In performance of the method above described electrical current is passed through the metal foil 14 of the seaming/unseaming tape by connecting an electrical potential between longitudinally spaced points along the length of the foil and preferably to the foil where it projects from each end of the seam to be made. However, in performing the invention utilizing the seaming/unseaming tape of FIG. 2, electrical potential maybe provided between the foil sections 17 and 18 at one end of the seam and by connecting an electrical shorting member across the foil sections 17 and 18 at the opposite end of the seam. With this arrangement, relatively long lengths of seams can be made without the need to use long leads to connect a power source to the foil.

The seaming/unseaming tapes of the invention may also be used for assisting in removal of a carpet joining tape from a previously made join. The carpet joining tape is cut along the line of the seam the edge portions of the carpet are bent back to enable the seaming/unseaming tape of the invention to be positioned beneath the line of the seam. An electric current is then passed through the metal foil 14 of the seaming/unseaming tape to generate heat to soften the heat softenable adhesive bonding the carpet joining tape to the carpet edge portions. When the adhesive is sufficiently softened or melted the joining tape portions are easily peeled from the carpet edge portions leaving the edge portions ready for re-joining when desired.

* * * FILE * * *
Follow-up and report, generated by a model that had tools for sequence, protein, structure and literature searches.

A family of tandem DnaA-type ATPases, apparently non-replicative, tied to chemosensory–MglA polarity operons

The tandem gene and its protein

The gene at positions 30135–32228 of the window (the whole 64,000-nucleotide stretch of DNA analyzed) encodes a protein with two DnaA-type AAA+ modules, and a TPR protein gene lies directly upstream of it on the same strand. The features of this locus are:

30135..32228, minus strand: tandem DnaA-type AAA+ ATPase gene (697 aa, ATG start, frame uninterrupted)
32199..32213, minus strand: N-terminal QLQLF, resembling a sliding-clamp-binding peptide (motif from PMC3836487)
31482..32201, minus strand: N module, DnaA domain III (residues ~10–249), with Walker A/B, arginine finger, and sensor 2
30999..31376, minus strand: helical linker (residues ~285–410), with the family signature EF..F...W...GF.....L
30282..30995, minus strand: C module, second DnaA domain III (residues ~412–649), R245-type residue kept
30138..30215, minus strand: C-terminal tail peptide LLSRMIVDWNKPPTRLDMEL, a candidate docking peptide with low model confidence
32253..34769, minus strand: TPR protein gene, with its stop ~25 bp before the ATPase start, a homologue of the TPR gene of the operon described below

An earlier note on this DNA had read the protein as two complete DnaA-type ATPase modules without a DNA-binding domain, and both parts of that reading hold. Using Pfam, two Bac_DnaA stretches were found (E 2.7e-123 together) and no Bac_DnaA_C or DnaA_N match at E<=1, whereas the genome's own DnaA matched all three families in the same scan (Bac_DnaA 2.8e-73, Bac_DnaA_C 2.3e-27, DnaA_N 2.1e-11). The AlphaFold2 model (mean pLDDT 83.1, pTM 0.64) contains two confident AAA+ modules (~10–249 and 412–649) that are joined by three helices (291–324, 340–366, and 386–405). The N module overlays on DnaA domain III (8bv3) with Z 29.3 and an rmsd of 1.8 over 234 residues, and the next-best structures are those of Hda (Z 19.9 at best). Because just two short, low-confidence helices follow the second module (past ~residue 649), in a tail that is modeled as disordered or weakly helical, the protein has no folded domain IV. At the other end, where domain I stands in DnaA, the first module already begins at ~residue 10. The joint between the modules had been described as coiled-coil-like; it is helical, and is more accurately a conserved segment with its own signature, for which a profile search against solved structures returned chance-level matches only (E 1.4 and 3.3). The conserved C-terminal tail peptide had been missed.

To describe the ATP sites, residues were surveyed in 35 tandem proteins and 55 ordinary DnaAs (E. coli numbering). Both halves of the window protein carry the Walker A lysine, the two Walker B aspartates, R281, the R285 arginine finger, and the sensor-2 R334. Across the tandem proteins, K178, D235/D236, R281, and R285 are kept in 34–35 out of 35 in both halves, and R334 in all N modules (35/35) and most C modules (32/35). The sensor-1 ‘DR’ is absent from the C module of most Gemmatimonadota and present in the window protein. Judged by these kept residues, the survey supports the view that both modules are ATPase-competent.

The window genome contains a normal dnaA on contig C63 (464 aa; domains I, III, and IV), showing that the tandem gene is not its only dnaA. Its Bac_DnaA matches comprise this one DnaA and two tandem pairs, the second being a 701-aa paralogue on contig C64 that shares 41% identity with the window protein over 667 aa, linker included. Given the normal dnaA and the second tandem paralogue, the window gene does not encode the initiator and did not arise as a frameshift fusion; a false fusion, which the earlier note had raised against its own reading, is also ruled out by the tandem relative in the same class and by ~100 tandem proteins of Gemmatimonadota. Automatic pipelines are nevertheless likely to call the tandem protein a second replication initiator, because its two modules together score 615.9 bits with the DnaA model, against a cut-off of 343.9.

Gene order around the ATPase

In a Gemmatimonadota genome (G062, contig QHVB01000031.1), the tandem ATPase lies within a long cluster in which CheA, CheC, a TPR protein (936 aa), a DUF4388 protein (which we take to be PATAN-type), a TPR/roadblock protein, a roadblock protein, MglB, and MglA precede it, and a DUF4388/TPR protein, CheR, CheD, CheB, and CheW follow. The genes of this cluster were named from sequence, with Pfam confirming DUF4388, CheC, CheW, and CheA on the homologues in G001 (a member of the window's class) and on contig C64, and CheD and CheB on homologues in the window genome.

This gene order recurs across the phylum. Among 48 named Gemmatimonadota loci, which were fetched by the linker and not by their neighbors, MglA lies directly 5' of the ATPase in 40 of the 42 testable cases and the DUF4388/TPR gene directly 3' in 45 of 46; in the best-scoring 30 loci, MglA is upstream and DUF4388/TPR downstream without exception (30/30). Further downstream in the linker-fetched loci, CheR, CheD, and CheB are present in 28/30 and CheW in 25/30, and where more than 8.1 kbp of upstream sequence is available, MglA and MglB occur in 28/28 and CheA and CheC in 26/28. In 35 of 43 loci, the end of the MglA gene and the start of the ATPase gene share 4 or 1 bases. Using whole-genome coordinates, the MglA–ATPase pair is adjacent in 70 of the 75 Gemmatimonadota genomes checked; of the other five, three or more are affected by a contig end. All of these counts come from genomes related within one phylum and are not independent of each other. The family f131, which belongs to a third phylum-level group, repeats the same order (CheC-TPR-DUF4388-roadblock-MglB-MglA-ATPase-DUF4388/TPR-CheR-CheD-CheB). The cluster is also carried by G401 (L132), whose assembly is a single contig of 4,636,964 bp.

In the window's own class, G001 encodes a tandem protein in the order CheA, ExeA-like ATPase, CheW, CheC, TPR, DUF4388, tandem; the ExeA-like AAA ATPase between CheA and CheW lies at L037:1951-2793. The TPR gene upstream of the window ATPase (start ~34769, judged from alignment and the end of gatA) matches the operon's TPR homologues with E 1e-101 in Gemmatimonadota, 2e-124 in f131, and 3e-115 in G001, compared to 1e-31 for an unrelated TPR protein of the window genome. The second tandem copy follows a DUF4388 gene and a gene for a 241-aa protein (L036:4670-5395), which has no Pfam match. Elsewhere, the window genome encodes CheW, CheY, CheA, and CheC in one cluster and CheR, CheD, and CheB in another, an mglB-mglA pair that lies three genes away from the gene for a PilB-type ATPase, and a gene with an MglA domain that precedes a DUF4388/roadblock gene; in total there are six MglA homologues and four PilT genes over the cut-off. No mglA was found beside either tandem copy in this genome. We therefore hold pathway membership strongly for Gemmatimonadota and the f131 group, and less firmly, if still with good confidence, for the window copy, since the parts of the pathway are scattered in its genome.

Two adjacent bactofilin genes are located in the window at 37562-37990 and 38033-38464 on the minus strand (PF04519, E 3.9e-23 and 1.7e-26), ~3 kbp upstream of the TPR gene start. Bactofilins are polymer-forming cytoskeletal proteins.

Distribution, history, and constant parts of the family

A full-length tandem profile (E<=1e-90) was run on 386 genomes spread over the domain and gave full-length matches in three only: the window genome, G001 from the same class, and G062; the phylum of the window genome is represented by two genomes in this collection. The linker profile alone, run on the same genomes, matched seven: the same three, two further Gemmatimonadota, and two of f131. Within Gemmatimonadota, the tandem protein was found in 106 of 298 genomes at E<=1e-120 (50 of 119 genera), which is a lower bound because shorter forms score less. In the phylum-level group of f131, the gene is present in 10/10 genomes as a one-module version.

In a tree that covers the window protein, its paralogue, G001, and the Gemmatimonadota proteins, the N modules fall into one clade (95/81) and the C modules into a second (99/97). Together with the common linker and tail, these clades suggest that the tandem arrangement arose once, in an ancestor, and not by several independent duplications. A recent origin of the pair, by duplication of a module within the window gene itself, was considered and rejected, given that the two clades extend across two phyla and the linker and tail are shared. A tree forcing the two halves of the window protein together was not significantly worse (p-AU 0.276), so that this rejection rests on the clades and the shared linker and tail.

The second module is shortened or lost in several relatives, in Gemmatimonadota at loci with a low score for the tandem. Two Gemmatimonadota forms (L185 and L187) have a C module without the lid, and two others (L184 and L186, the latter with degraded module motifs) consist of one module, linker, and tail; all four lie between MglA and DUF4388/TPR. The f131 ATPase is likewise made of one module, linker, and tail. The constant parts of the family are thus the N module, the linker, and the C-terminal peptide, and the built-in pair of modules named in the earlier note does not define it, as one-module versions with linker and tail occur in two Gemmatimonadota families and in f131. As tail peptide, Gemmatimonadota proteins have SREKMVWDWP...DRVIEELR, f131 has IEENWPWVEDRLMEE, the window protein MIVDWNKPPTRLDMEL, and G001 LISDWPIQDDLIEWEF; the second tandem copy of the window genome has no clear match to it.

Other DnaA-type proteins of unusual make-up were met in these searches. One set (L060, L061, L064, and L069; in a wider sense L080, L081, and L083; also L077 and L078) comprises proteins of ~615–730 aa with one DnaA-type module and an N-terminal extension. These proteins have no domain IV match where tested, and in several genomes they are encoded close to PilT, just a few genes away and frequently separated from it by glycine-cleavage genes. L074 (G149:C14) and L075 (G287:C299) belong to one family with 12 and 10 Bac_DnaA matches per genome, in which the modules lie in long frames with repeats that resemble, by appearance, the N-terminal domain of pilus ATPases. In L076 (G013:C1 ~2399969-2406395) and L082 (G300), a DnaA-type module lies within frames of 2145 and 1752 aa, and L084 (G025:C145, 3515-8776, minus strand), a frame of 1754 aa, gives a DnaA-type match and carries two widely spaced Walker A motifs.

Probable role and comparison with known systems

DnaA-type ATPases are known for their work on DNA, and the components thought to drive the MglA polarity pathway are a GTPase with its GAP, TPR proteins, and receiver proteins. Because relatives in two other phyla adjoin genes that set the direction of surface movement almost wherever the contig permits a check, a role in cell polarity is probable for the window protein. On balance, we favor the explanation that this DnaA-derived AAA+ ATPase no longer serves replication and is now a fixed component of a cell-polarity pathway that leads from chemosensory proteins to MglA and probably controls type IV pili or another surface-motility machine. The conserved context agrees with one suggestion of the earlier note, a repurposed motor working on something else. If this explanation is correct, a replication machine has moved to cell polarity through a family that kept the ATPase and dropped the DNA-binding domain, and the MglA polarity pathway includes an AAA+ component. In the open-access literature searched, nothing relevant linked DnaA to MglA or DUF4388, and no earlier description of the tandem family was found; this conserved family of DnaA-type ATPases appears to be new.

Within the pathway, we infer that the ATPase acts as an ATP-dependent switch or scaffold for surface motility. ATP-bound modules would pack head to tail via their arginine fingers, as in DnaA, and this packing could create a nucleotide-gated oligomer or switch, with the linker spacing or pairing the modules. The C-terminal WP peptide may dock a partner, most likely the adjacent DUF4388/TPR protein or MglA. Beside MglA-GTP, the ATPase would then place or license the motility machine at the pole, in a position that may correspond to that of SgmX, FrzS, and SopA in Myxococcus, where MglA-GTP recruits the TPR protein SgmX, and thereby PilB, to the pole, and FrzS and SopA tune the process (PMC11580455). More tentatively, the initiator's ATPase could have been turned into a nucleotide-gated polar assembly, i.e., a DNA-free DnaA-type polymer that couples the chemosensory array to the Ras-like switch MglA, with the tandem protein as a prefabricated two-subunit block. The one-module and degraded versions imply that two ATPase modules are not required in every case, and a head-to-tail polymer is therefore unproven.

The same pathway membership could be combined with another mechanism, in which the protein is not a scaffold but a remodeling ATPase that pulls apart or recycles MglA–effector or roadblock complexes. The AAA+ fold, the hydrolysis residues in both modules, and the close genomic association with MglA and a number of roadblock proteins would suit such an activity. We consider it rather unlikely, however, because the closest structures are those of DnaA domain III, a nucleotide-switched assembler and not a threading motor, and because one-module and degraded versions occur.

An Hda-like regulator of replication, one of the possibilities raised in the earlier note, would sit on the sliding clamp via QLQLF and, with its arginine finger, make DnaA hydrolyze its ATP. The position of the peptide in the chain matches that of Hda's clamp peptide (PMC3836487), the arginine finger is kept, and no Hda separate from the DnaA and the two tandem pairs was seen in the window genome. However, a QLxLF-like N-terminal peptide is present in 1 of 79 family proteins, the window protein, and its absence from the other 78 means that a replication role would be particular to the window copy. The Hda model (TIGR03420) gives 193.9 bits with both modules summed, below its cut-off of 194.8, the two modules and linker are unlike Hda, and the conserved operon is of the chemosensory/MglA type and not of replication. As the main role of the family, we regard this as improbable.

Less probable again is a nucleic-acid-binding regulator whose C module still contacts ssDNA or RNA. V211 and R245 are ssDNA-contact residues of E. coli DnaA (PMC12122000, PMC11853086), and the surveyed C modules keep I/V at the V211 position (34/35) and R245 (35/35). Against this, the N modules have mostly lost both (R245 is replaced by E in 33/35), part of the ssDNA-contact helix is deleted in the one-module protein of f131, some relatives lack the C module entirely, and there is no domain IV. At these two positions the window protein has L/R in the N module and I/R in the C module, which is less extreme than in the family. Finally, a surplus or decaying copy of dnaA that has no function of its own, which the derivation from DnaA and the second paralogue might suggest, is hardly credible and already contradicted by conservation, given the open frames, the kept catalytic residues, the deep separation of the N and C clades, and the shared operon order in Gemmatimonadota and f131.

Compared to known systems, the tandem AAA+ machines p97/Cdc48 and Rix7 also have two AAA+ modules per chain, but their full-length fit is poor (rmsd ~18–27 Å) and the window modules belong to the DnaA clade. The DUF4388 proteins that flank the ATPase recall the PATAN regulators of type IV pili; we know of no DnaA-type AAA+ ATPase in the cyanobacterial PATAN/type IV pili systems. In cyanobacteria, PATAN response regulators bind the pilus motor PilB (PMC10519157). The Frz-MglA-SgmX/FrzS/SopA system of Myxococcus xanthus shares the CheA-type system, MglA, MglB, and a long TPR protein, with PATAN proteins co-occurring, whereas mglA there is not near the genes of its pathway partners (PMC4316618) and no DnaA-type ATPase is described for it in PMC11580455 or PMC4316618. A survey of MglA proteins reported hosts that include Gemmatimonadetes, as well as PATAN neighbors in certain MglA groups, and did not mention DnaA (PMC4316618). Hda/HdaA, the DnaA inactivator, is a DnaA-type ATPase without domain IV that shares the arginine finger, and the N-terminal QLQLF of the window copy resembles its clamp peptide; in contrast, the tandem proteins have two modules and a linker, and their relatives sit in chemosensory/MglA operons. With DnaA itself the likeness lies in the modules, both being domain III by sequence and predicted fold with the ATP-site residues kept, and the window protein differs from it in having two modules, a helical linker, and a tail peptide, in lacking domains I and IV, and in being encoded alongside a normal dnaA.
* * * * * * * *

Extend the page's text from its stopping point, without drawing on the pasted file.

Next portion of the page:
To assist in removal of the seaming/unseaming tape following either a seaming or unseaming operation, it is preferred that the metal foil strip 14 and any exposed backing 12 be lightly dusted with a release powder, such as talc. The release powder tends to prevent any adhesive material which may flow from the joining tape adhereing to the foil 14 or backing 12.

It will be appreciated that the methods of seaming and unseaming of the present invention maybe conducted satisfactorily in some circumstances without the use of a backing 12. Thus, the seaming and unseaming methods of the invention include the use of a foil releaseably positioned beneath the carpet edge portions without a backing attached thereto.